What's the problem? Please remember I'm busy.

There are always people trying to bother you with some matter that seems terribly important to them, but turns out to be trivial, or just another crank theory for saving the world. Why should you even think about marine reserves?

Well, our whole world is mainly sea (about two-thirds of the planet's surface), but because we have been so busy with our affairs on land, we haven't given the sea much real thought yet. We have just done whatever seemed useful, and let anyone else do the same. As a result, we have already made quite a mess of the sea, and it's getting worse.

There are so many things wrong that those concerned could easily spend all their energy rushing from problem to problem, solving crises and generally fire-fighting. We do. If it isn't wall-of-death nets, oil spills or saving the whales, it's marinas, rubbish dumping or quotas for orange roughy. We need an opportunity to think about basics. What do we really want from the sea? Is this sustainable? Somehow we have to stop behaving like kids raiding a lolly shop. We must stop assuming that the only problems are about sharing out the goodies and not getting in each other's way. We have to think about the sea itself.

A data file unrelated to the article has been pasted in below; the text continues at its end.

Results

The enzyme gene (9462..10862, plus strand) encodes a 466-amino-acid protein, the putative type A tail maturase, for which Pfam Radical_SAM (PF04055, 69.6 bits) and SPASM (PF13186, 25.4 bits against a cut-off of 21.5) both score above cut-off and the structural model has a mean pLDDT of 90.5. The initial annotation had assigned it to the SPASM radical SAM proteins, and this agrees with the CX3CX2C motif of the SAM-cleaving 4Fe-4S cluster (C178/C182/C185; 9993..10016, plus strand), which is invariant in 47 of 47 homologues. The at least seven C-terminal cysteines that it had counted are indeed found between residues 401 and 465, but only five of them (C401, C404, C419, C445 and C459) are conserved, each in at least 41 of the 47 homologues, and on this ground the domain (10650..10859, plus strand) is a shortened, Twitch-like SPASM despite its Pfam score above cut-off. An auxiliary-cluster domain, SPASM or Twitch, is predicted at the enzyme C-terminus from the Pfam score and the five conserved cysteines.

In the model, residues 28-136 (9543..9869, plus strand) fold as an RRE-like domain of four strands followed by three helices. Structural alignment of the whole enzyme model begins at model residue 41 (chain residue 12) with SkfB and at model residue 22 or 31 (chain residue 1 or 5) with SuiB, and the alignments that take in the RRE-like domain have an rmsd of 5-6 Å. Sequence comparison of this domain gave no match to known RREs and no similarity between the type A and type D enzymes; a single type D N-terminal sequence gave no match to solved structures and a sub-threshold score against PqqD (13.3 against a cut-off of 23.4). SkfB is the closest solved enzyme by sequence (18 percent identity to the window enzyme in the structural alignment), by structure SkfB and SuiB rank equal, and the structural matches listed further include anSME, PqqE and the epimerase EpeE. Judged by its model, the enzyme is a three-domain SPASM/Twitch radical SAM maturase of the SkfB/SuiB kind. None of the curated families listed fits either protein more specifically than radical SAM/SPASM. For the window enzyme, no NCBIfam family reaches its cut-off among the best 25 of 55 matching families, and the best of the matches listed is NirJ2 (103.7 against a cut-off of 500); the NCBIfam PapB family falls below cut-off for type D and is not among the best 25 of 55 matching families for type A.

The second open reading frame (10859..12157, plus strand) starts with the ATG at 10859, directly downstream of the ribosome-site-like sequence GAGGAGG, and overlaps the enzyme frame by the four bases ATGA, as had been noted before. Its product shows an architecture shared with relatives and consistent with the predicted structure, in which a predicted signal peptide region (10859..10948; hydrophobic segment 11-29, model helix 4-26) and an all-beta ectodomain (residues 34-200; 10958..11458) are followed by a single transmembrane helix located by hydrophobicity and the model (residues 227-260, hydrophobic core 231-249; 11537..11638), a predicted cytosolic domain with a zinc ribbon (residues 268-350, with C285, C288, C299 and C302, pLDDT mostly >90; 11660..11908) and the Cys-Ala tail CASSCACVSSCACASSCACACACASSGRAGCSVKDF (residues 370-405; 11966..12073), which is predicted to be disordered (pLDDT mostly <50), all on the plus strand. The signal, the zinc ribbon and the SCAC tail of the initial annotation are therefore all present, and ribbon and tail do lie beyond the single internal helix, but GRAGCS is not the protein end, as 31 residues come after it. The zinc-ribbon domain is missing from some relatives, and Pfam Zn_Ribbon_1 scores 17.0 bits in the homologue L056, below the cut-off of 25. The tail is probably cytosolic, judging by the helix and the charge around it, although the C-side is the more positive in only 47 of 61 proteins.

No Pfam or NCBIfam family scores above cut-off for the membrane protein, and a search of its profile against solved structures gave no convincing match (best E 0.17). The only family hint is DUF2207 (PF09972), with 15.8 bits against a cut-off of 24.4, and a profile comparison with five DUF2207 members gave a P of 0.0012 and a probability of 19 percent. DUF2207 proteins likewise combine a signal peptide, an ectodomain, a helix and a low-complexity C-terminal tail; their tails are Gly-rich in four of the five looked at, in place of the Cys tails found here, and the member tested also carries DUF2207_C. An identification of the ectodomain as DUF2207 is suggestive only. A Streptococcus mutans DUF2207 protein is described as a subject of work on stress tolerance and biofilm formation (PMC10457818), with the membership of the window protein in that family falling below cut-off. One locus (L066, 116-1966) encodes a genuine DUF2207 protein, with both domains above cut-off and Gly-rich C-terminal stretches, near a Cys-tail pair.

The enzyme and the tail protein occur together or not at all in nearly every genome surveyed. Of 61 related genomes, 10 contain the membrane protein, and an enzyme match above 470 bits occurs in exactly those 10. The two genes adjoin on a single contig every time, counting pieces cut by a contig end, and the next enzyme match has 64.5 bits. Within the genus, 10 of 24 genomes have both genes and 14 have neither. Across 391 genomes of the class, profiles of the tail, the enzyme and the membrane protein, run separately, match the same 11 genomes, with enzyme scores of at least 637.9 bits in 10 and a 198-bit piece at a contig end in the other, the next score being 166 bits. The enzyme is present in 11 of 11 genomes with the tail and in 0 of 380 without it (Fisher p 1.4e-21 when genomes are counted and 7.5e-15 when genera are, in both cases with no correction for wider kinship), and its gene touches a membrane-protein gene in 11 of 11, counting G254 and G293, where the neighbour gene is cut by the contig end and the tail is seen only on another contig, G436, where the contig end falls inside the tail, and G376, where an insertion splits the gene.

This is very difficult. The sea is big, mobile, wild and intractable. It doesn't fit our land-based ideas. Finding out anything about the sea is very hard. But we make it worse. We spread our activities anywhere we can get some profit, fun or an easier life. Each year there is more activity in more places. What is the baseline, where is natural, how does it all really work?

Marine reserves will not solve all the problems, but they would certainly help us think clearly. If we decided to have some places in the sea as undisturbed and natural as possible, we could learn what was natural, instead of just imagining it. If we had some clear baselines, we could measure the effects of our activities, instead of just arguing about them. If we had better ideas about how the sea operates as a system, we could plan sustainable harvests and sensible manipulations, instead of having booms and busts. We could even show our children what the marine world was like (education), enjoy looking at it ourselves (recreation) and invite others to do so (tourism).

In New Zealand, we still have the option. It is quite practical to have a network of non-extractive marine reserves. We have the idea, some examples that work, plenty more areas for others, the legislation and administrative systems to create a real network, and the democratic system to make the decision. All we need to do is to think about it and decide. The only serious danger is that we won't bother to do that, we could easily say we were too busy.

Bill Ballantine